Eating in Season

Eating in Season - Garden Harvest

One of the diet and nutrition gurus that we follow continually touts the concept of eating in season. 

We are spoiled.  In most places, we can go to the supermarket every day and purchase fresh fruits and vegetables no matter what the season.  Even in the coldest climates, the produce section of the market is a plethora of produce.  We can buy tropical fruits in December. We can buy fall squash in the spring.  Such bounty is the result of our modern transportation system and a widely industrialized food production network that stretches around the world.

What Changed?

Such availability is a recent development in food production and delivery.  A hundred years ago, the majority of fresh vegetables available to most Americans grew less than 100 miles from where it was sold and prepared.  People, by and large, did not eat out of season vegetables.

eating in season - canning inspection

There was one notable exception to this rule.  I have first-hand experience with this.  I can vividly remember my great-grandmother opening a home-canned jar of green beans or black-eyed peas and heating them for a Sunday dinner.  She canned and preserved as much of her garden production as she could manage, often bartering or trading other goods such as fresh eggs for extra vegetables to preserve. 

Preservation

Canning and preserving was the key across much of America.  Homes depended on what they canned and put away in the summer and fall to provide fresh vegetables (and sometimes meat) for the table during the winter and early spring months.

But, you say, why would I worry about all the work and trouble of canning when I can drive to the market, get what I want, and be home with beautiful fresh vegetables from the market.

Why go to The Trouble?

There are lots of reasons.  The fact that those industrial vegetables you are buying may have been grown in South America, picked before they were ripe, and shipped here while being ripened artificially using chemicals should be a huge reason.  The fact that there is no way that you can be sure what kind of chemicals were used while the plant was growing should be another.  It is a known fact that the vegetables that are on the market shelves now are less nutritious than those grown even 50 years ago.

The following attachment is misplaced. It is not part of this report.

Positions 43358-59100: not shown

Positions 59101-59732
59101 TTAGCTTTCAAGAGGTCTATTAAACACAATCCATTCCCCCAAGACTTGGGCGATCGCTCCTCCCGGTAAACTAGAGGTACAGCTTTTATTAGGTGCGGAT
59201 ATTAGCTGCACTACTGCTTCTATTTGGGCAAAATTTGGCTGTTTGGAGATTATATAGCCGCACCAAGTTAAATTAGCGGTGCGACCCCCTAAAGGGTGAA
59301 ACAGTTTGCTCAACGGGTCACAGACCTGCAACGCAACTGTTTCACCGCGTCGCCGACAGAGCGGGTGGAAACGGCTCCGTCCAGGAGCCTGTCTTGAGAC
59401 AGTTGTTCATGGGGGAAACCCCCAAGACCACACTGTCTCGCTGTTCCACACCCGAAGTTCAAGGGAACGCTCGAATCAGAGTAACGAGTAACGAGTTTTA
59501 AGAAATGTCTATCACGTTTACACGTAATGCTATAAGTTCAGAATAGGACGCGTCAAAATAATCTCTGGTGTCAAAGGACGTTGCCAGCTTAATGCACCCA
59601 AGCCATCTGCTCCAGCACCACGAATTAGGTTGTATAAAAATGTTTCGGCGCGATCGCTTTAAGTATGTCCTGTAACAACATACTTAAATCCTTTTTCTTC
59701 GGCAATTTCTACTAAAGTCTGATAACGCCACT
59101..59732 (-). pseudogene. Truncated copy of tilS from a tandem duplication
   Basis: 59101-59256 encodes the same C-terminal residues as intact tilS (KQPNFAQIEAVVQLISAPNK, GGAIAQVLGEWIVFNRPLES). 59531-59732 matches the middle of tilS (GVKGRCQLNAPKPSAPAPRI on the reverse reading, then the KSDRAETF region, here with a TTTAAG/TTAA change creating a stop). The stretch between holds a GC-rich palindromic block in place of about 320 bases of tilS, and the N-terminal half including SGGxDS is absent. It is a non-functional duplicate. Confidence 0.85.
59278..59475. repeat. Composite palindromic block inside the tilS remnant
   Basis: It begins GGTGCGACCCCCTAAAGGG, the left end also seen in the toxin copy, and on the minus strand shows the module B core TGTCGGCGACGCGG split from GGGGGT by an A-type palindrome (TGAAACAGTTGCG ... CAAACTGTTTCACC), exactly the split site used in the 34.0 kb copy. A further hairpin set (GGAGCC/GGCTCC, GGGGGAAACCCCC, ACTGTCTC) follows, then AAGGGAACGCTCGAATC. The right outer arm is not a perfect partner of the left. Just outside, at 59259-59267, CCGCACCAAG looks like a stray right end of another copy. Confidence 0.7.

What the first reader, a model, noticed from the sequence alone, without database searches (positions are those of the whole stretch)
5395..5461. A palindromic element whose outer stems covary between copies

Access to a garden can provide you with vegetables that are both nutrition-dense and are grown cleanly and safely.  The next best option is to find local growers who you can meet and know.  You can visit their farms and see how they produce their crops. 

Smaller can be Better

Moving the diameter of your local food web from a global reach to a local reach can dramatically improve the quality of the fresh food you are using at home.  To stretch this availability of nutrient-dense foods past the seasonal aspect of local growing requires that you find some way to preserve those vegetables.

Means and Methods

eating in season - stacked canned goods

There are several ways to do this.  Perhaps the oldest method is drying or dehydrating.  Small home dehydrators are not expensive and can be used to dry and store a wide range of vegetables and herbs for later use.  The methods used by our forefathers are still some of the best around.  Pressure canning, when done properly, can preserve fresh vegetables and meats almost indefinitely.  Water bath canning for some foods can add months or even a few years to the shelf life of that food.  Freezing is another method that can be used to put those seasonal vegetables on your table out of season.

If your garden is about to enter its peak production, you are probably going to have extra produce.  Many of us have been in the habit of simply sharing that extra with friends and family.  Sharing is an excellent idea, but you should still consider preserving some of that extra to provide for your family during those out of season months.  How much more satisfying is the thought of opening a jar of carrots that you grew, picked and canned yourself and putting them on the table in December instead of bringing home carrots grown thousands of miles away, under questionable conditions and with unknown methods.  It might be worth a little extra work.

There are hundreds of good resources on the internet about canning and preserving.  Here is a list of a few of the best that we have found.

Links and Resources

For more information about organic gardening, lifestyles, and living, visit our website at West Texas Organic Gardening.

If you found the information here helpful, you might also find these articles on our website of interest.

Organic Growing Myths

Toss Your Tiller

Mulch

If you have more specific questions or problems, you can contact us using the contact form on our website. You can also post your question to our community forum at this page; West Texas Organic Gardening Community Forum.

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National Center for Home Food Preservation

Ball Jars

Water Bath Canning

Pressure Canning